This 1962 Fiat 600 Multipla is an older restoration, driver’s example that was directly imported from Italy into the United States approximately six years ago. The body and interior retains all of its original hardware, including lighting equipment, glass, bumpers, trim, brightwork, instruments, steering wheel, and seats. The body wears an older factory-color respray that’s in fair condition today. This car is equipped with the three-row independent six-passenger seating, versus the bench-style factory option. This car is suprisingly peppy because the previous owner had Miami-based Alfa Romeo/Fiat specialists at Auto Veloce overhaul the powertrain. The 903-cc engine was bored 20 over, and was stuffed with high-compression pistons, larger cams, and an Abarth-style exhaust, all good for an estimated 55-60 horsepower that more than doubles the original output. All glass is believed to be original and is in excellent condition. The trim and brightwork is complete with slight discoloration and light surface rust on the backside of the bumpers. The window trim has slight discoloration. The original two-tone white and blue color-matched steel wheels show some paint chipping and the center caps have some dings and slight pitting. Signet brand whitewall tires are equipped, with good tread life remaining. The original two-spoke steering wheel is in fair condition and is complete with the original center horn button. The metal body color matched dashboard is complete with all factory switchgear with fully functional accessories. The original instrument cluster is in place and working properly. The off-white seat covers feature blue piping and are free of tears, rips, or seam separating. Door panels are complete with window winders and door release levers intact. The dark blue carpeting is relatively clean, but is showing its age. The engine fires with ease, idles smoothly, and freely revs through all four gears with a modest hot-rodded power output that allows the car to keep up with modern day traffic. The four-speed gearbox is a standard three-synchro unit with no first gear synchro. This 1962 Fiat 600 Multipla remains highly original in its physical presentation. The body panels are believed to be all-original and the car wears an older factory-color respray—it is believed to have only been repainted once. The trim, brightwork, glass, interior components, and lighting equipment are the correct Fiat parts and believed to be original to this car. Original looks in driver’s condition make this a compelling buy, but it’s under the louvered rear decklid where this Multipla mixes things up. With more than twice the wheezy original power output, this slightly modified “big-bore” inline-four makes this car far easier to drive in modern traffic without any loss of reliability. Here's some history behind this model: Aiming to compete with Volkswagen’s Beetle and Renault’s 4CV, Fiat introduced the Seicento compact car in 1955. Better known simply as the 600, this new ten-foot seven-inch-long four-seater was Fiat’s first rear-engined vehicle, powered by a 633-cc inline-four. Although the motor was quite small, the 600 was capable of reaching around 60 miles per hour with a good tailwind, thanks in large part to its feathery 1,000 pound curb weight. But sheer speed was never the selling point of the little Fiat. The 600 was built as an inexpensive means of transportation for the masses. From its 1955-1969 production run, the Turin Mirafliori plant cranked out nearly 2.7 million of these stylish Italian city cars. During the 600’s peak manufacturing period, it’s said that Fiat was building nearly 1,000 per day. By the sixth assembly year, the 1,000,000th Seicento rolled off the line. The 600 rode on a single, double-mounted leafspring and gas shock front setup, and a coil-over-shock independent rear suspension. A four-speed, three-synchro gearbox was standard, and the powertrain was water-cooled, unlike its air-cooled competition at the time. By 1956, Fiat introduced the Multipla variant, literally meaning “multiple.” Based on the standard 600, the Multipla received an all-new body construction to incorporate three rows of seating within the 139-inch footprint. With a cab over the front axle configuration, the Multipla could seat six occupants, with the rear seats easily removable for truck-like hauling. It’s fuel efficiency, inexpensive entry costs, reliability, and surprising utility made the 600 Multipla a popular family car, small business runabout, and taxi. Still undeniably Italian, the 600 Multipla is a simple one-box shape more akin to a micro van than the compact car it’s based on. Offered in a variety of two-tone color combinations, the stylish shape has a tall greenhouse with paper-thin pillars providing excellent 360-degree visibility. Like the BMC Mini, the Multipla’s body panels are joined with exterior protruding seams to save precious interior space, which creates a unique drip rail that starts at the base of the front fascia, goes up the A-pillars, across the entire roofline, and down the rear, ending just before the rear decklid. The profile is styled with prominent exaggerated fenders outlined in an unbroken bodyline that begins at the base of the forward doors, up over the front arches, down across the rear doors, back up over the rear arches, and down along the rear taillights. The forward rake shape of the body gives the stance an eager, playful demeanor, and features a louvered decklid, wrap around bumpers, and a polished front grille that doubles as an inlet for cabin ventilation.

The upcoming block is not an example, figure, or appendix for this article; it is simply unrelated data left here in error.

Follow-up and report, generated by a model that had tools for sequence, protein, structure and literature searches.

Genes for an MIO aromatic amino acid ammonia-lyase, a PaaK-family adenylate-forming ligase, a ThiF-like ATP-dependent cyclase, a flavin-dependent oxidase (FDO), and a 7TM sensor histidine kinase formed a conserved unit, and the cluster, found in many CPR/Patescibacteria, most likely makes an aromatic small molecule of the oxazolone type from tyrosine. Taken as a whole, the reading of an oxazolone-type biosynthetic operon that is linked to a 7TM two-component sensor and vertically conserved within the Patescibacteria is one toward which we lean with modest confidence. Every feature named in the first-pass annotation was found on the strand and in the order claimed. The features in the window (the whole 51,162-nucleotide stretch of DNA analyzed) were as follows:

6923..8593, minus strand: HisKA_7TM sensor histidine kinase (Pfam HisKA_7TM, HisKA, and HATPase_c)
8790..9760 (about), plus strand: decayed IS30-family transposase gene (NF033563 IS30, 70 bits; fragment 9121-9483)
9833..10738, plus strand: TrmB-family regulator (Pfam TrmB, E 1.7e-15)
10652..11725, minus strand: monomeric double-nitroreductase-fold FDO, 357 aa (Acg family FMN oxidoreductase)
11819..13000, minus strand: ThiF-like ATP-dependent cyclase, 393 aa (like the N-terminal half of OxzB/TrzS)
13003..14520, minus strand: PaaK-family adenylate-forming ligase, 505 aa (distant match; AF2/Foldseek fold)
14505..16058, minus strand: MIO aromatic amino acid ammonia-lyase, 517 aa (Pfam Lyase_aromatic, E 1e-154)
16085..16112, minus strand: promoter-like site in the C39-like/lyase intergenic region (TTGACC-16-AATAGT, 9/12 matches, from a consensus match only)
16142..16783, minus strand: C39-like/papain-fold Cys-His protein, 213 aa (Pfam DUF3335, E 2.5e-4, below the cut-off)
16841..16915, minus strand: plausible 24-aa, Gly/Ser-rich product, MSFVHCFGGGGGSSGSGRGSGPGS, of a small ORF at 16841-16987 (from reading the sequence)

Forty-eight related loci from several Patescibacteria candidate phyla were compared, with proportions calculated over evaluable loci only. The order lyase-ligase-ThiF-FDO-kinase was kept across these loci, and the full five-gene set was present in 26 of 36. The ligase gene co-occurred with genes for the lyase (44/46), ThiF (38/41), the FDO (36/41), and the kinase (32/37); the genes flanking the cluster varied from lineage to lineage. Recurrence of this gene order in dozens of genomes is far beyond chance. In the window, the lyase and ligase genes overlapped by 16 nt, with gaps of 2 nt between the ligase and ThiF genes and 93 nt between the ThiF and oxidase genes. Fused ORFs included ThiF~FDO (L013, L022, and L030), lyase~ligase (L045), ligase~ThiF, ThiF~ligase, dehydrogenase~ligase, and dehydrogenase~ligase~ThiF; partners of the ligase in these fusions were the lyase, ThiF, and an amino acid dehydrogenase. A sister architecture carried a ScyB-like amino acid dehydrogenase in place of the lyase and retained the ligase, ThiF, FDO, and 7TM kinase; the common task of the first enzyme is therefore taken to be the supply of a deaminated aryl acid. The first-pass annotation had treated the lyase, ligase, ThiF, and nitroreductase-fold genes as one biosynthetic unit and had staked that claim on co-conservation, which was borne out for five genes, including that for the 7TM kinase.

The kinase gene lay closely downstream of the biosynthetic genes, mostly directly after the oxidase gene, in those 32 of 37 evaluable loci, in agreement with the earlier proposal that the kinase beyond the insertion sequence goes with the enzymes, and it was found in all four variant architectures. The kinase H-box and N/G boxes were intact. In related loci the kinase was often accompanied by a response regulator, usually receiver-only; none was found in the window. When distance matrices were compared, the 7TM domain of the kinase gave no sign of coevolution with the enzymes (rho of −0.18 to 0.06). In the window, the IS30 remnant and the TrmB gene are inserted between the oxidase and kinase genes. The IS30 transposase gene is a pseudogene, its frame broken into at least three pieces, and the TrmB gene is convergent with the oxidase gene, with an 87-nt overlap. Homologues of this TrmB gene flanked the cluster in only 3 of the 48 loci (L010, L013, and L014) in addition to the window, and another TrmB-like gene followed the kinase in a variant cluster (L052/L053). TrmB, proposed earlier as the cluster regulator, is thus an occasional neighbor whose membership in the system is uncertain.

1962 Fiat Multipla--SOLD (Florida) - $0
|Paint||Turquoise & White|
|Upholstery||White Vinyl with Baby Blue Piping|
|Door Panels||White Vinyl|
|Engine||923-cc (Bored over .020″)|